"If we ever forget that we're one nation under God, then we will be a nation gone under." - Ronald Reagan

Monday, January 23, 2012

Animated Animosity

The other morning Baby had a funny look on her face. When I asked her what was wrong, she replied by throwing up. So she spent the day on the couch with her favorite blanket, watching cartoons, which means I was right there with her. Here are a few observations:
  • There are far too many kids' shows featuring pigs. What is it with pigs? They look weird, are smelly, aren't at all cuddly, and it's just odd to have them walking on two legs, with their knees all backwards and such. I think the cartoon executives ought to learn from the Germans and feature a loaf of bread instead.

  • The opinion I formed of Dora the Explorer years ago still holds with child #3.

  • While watching said "unsupervised child," my daughter was completely focused on helping Dora reach her destination. Toward the end of the show when it came time to climb a ladder, Baby was asked to put her hands out in front of her and help Dora climb. Baby didn't miss a beat and replied in a very stern voice "You're a big girl now, Dora. and big girls need to try all by yourself before I help you." Gee, maybe I've been saying that a lot lately or something.

  • Why is it that some cartoon characters can spend the entire show running around buck nekkid, but when it's time to go swimming, they put on swimming suits? Really, what's the point by then?

  • When I mention that I don't like Max & Ruby, other parents usually concur, stating how Ruby is just soooo bossy. But it's not Ruby; it's Max. Ruby isn't exactly mean about her instructions. Heck, their parents are nowhere to be seen (probably eaten by a wolf) so she's just doing the best she can. And Max constantly disobeys. And when he disobeys? It ends up being the right thing to do! Anyone with an annoyingly perfect little brother knows what I mean.

  • I have to remember that these shows are geared toward the preschool age-range, so I won't over-think the plots. For instance, if the three clues in Steve's handy dandy notebook are a mat, a twirling thingy, and a leotard, then don't assume that Blue wants to be Olympic gymnast. That stream of thinking is way too high level for a show that features salt and paper shakers that gave birth to paprika.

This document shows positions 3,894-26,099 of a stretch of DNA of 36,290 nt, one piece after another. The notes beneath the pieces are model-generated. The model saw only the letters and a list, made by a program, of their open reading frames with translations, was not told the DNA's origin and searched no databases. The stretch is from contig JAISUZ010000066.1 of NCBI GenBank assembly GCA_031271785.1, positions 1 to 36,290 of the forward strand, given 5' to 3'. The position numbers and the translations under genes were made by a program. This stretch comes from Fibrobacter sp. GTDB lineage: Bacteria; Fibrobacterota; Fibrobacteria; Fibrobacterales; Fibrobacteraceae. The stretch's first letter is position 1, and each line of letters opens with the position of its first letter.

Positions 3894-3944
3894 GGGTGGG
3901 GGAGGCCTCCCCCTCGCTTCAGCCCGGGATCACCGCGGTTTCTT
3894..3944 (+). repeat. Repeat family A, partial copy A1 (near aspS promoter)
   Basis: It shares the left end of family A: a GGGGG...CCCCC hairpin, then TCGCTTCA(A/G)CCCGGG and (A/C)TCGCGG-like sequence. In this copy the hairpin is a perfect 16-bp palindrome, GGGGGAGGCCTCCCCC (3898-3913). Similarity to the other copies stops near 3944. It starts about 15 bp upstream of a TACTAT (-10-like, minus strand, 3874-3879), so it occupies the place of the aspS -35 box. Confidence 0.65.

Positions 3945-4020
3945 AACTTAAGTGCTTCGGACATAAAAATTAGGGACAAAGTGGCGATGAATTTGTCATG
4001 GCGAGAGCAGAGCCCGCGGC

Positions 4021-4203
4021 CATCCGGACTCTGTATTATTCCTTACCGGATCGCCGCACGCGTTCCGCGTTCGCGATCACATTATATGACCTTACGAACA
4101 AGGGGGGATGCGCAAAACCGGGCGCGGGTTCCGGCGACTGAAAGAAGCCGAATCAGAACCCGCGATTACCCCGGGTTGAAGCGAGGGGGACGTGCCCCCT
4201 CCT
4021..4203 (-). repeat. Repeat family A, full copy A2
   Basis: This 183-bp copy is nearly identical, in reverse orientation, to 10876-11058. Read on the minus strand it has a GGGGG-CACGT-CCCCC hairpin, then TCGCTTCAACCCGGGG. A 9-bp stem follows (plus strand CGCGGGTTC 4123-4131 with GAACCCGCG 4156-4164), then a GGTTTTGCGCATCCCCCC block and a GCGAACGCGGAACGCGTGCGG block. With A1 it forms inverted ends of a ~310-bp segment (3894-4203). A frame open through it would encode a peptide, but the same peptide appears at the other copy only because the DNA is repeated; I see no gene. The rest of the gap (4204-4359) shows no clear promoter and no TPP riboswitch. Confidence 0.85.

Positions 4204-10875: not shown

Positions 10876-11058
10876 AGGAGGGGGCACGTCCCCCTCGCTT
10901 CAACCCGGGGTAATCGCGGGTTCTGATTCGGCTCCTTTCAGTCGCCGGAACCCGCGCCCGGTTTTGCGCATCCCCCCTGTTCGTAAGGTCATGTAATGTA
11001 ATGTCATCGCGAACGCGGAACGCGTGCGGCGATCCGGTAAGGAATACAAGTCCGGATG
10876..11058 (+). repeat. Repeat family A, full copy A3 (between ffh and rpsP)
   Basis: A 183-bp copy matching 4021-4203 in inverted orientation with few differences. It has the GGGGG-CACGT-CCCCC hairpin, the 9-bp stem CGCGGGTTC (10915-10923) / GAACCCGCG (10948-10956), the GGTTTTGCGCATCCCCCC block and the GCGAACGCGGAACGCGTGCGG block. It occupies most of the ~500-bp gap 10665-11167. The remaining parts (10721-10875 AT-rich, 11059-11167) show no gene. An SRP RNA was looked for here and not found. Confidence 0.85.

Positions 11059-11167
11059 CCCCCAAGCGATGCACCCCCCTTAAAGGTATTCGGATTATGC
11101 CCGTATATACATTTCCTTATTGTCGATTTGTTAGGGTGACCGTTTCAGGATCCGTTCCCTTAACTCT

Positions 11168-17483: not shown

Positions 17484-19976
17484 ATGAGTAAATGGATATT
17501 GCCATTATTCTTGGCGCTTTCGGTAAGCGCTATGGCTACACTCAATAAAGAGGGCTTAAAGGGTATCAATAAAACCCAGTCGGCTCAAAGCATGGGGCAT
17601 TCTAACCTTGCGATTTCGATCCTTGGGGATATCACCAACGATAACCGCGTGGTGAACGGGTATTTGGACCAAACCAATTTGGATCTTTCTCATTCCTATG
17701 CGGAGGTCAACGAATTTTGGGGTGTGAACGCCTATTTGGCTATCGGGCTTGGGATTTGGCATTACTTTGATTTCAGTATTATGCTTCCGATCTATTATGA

After an afternoon as a captive audience, I have to say that cartoons might have actually raised my IQ. Hey, I learned how to say "jump" in Spanish, the life stages of a caterpillar and the effects on bug friendships, and how easily a koala bear's feelings can get hurt by ants. Much more productive than cleaning a house that gets torn up every afternoon anyway.


Kristina P. said...

I don't really do cartoons. It's because I lack heart and whimsy. Real pigs aren't that cuddly, but cartoon pigs are rather cute.

Beth said...

Hahaha! That's fantastic, thanks. Don't worry, the older-kid cartoons are much more fun, and tend to be geared a little bit toward adults as well. I hope she feels better soon!

Nat said...

BWAHAHAHAHA!! I love it! :)

Jessica said...

Thank you for enlightening me- this was the most productive thing I've done all day.
PS- Animosity is one of those words I just CAN'T say. My tongue gets all twisted up and makes me look silly.

Christine Rains said...

My son was the other week and I spent a few days in the same position as you, pondering children's shows. I over-think them too and I add in my own adult imaginings to give the stories more depth. Oh, the soap opera that is The Wiggles in my world!

elesa said...

Yep, sometimes, even when you are not sick, spending the afternoon watching TV instead of cleaning is just the thing to make a girl feel better. I've been doing it for 2 weeks straight and I feel great!

Mary said...

The boys have been addicted to Blue's Clues. It wouldn't bother me so much except Cooper is picking up Steve's dance moves...It's going to take me years to fix that!

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